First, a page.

- Publication no: ABC2017-155-17
- Published: 26 April 2017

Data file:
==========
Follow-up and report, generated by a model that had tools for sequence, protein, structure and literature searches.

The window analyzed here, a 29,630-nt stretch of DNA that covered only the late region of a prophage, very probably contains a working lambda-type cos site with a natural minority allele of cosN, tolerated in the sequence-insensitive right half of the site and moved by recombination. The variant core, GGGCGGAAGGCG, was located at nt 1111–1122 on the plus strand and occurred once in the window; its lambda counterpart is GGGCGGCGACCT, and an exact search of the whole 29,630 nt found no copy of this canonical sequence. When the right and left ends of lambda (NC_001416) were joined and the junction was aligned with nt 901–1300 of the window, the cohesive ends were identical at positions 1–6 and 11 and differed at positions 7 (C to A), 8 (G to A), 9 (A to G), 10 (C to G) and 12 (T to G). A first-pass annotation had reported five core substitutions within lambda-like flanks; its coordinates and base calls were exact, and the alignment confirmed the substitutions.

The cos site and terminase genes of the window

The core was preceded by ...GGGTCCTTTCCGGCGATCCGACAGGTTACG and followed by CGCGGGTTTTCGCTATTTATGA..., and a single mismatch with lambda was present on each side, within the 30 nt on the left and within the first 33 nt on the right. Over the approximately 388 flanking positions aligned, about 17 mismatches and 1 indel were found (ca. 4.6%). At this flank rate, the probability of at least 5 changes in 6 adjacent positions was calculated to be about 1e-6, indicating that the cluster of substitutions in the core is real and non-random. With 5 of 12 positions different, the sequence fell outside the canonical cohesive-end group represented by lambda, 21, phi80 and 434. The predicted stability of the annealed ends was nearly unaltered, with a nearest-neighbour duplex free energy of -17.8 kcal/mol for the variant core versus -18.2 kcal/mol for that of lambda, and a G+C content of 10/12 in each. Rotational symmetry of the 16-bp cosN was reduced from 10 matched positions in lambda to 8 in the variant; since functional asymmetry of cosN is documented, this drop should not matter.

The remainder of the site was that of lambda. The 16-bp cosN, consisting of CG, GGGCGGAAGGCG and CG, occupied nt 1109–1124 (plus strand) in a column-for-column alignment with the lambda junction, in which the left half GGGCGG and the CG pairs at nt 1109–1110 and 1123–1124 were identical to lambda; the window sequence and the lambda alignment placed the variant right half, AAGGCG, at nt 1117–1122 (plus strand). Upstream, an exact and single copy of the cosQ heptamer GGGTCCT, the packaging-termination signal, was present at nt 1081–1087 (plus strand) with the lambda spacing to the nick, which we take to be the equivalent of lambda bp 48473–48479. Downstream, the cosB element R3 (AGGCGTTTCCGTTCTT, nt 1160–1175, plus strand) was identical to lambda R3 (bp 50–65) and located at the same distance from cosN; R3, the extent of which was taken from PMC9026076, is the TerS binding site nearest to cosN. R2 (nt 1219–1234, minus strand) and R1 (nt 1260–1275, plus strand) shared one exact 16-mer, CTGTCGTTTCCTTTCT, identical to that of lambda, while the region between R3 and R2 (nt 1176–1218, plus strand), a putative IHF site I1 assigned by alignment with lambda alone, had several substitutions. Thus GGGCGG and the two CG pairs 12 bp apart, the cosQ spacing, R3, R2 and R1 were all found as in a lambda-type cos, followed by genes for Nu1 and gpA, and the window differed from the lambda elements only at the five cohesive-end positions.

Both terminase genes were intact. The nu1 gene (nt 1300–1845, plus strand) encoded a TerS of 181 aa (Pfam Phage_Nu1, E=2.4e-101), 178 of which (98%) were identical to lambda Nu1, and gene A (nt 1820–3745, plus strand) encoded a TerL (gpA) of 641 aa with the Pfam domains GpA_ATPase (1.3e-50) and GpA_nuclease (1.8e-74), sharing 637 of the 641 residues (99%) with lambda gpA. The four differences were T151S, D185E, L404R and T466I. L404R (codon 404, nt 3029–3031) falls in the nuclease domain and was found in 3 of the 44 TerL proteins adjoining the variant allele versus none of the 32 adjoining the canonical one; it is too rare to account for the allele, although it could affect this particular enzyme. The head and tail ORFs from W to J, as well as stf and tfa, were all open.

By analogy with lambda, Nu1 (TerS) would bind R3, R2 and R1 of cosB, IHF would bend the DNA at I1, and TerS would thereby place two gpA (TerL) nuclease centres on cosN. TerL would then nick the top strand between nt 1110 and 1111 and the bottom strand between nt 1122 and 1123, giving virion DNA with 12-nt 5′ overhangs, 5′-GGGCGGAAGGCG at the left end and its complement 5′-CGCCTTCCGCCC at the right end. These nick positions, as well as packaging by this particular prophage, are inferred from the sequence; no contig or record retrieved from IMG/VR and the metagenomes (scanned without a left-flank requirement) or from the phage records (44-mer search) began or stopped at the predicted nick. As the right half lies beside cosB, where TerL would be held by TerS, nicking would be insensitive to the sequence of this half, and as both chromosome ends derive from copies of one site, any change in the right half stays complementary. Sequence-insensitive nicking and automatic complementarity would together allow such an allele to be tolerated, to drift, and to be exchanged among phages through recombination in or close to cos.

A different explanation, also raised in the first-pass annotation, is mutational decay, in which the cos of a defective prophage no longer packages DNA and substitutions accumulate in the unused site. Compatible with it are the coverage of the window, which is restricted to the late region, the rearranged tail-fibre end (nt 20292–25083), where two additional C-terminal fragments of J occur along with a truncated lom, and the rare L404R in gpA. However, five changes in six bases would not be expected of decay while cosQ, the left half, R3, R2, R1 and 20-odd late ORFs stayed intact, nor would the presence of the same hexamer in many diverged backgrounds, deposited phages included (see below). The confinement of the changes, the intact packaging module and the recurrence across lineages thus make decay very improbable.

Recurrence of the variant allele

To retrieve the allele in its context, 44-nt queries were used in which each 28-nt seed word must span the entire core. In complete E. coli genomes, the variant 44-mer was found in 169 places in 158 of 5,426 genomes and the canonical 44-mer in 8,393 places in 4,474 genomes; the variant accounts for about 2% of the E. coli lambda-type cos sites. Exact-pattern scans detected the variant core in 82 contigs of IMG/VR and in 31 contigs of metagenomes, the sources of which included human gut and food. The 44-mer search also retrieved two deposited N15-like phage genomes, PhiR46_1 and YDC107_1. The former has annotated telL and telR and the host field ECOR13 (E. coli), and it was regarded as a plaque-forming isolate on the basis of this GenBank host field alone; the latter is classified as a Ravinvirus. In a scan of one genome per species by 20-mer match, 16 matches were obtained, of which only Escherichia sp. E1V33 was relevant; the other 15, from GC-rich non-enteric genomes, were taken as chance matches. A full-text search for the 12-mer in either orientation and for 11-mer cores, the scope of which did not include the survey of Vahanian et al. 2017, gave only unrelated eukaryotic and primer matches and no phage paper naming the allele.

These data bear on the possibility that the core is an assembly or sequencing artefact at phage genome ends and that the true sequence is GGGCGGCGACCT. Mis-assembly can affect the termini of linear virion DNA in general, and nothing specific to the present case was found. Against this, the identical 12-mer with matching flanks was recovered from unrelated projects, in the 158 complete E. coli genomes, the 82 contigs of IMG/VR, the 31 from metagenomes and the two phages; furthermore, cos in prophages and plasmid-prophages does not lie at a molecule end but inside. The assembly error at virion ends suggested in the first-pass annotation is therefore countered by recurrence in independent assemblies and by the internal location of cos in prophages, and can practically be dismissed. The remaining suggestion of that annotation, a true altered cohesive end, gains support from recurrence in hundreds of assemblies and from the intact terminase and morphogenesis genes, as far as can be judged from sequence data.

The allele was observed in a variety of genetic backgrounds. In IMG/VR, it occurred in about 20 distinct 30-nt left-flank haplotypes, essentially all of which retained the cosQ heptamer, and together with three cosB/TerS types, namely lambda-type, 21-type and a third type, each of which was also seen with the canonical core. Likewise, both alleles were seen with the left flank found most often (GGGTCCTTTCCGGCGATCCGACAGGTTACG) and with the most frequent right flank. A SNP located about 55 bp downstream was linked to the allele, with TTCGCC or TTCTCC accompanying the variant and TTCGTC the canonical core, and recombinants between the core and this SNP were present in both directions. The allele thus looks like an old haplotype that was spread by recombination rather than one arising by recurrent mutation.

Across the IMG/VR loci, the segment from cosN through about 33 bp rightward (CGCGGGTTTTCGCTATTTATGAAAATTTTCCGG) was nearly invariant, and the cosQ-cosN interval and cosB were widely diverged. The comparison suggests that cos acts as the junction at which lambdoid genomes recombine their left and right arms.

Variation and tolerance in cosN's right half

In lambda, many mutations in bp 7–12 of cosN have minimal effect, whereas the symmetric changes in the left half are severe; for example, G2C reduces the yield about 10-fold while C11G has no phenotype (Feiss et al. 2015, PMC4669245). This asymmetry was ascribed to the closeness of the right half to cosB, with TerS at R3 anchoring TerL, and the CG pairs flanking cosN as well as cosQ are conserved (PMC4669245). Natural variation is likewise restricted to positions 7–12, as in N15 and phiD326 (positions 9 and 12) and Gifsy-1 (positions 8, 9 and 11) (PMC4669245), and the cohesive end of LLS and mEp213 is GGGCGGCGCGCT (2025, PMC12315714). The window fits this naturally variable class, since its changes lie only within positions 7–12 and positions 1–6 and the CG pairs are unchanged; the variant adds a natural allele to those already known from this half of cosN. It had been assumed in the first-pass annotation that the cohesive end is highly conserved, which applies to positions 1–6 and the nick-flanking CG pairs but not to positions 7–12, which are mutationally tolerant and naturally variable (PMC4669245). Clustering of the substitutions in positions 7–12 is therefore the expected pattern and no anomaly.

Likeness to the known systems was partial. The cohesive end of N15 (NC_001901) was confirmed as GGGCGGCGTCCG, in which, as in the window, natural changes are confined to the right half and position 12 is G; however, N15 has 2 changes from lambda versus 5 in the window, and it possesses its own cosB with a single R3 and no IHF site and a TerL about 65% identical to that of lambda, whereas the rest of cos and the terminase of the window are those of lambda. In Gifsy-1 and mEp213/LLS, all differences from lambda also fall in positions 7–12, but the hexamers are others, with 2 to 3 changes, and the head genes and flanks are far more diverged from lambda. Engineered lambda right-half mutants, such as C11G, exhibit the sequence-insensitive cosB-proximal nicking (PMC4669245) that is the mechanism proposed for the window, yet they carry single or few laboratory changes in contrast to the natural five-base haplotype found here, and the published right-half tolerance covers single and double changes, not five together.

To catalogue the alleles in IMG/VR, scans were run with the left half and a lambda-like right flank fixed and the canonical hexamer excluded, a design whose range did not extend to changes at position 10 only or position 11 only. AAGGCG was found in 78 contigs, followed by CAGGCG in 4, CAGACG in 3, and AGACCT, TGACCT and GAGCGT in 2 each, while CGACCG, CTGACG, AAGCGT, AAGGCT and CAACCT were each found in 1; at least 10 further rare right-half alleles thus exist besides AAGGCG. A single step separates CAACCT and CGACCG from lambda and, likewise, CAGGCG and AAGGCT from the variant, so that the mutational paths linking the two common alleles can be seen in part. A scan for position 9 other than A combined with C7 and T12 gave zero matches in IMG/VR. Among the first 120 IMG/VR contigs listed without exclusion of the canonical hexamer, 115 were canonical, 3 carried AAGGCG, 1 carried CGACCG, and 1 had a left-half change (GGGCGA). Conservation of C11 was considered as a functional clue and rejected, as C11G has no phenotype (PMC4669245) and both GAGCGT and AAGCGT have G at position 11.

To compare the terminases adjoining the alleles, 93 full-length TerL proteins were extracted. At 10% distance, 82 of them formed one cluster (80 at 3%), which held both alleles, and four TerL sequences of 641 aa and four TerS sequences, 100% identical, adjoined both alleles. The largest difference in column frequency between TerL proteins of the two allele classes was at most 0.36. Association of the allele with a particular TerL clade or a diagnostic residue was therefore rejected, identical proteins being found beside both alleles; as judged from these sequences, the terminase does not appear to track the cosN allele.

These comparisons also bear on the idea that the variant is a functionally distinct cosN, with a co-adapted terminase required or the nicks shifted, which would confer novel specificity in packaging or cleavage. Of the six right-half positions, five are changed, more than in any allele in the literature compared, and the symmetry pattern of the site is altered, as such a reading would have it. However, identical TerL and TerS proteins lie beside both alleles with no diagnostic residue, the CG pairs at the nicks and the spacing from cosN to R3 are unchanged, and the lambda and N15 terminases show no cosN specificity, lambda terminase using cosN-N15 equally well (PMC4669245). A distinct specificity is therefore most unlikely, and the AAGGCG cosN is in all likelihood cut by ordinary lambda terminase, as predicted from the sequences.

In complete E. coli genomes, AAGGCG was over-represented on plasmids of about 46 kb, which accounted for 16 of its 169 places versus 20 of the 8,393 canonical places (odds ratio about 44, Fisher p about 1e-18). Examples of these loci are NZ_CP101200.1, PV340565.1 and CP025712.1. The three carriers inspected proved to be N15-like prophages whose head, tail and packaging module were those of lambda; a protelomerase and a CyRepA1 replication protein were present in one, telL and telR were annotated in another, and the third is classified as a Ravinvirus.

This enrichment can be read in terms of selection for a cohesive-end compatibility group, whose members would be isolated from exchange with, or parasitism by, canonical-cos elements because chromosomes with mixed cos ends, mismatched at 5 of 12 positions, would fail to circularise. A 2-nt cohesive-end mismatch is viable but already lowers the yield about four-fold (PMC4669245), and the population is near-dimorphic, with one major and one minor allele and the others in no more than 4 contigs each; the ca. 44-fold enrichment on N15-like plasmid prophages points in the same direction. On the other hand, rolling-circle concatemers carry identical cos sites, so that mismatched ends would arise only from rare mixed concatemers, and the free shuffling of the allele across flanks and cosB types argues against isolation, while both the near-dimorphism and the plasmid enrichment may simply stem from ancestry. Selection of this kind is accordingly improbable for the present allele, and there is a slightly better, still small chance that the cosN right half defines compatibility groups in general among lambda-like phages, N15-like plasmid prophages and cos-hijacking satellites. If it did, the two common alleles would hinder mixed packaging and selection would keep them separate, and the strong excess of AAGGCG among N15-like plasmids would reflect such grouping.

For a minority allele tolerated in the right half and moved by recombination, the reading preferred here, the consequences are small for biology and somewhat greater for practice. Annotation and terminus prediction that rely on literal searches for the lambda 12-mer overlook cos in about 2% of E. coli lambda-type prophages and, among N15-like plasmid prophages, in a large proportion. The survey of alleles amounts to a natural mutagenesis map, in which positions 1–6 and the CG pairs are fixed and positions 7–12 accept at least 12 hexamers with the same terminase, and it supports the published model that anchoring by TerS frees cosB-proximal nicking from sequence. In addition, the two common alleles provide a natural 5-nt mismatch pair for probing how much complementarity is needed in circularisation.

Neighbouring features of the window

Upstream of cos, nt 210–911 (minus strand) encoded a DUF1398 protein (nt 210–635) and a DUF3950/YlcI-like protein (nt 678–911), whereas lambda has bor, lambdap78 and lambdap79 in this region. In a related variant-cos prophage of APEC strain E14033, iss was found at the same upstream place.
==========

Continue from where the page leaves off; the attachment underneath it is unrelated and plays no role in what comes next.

Kirkbride Road is a busy urban road crossing State Highway 20A, the main route between Auckland City and Auckland International Airport. The existing crossing is a signalised at-grade intersection which contributes to local congestion and has a high accident rate, both of which were expected to worsen as traffic volumes increase. The MHX Alliance was commissioned in 2010 to develop options for a new grade separated interchange. Three significant alternatives were considered; a 550m long viaduct carrying SH20A over Kirkbride Road, a similar arrangement with a shortened bridge and earth embankments, and a trench to take SH20A under Kirkbride Road. The latter was selected because it achieves traffic flow and safety objectives with least impact on the local community, maintains local road and cycleway levels and access, maintains visual connectivity in this region of schools, parks and residential properties, and limits adverse effects on local businesses by relatively low land take. Lowering SH20A also has the least visual and noise impact during construction. Preliminary design and budget development of the trench option commenced in 2014 and additional design requirements were added – provision for a 1.6m diameter watermain across the trench at Kirkbride Road and widening the trench to allow future construction of two light rail tracks within the trench. The final arrangement is a 455m long, 29.25m wide open trench with current provision for 6 traffic lanes and future provision for 4 traffic lanes and 8m wide two-track rail corridor. Kirkbride Road Bridge is 29.2m wide with 6 traffic lanes and two 3.5m wide shared footpaths. Design was complicated by the presence of deep peat and silty soils with potential for seismically induced liquefaction, a high water table, acidic soil, large stormwater retention volume and use of low axial stiffness steel screw piles to restrain the base slab against buoyancy. This paper covers the design issues that stem from these complications and the innovations in design and construction that resulted.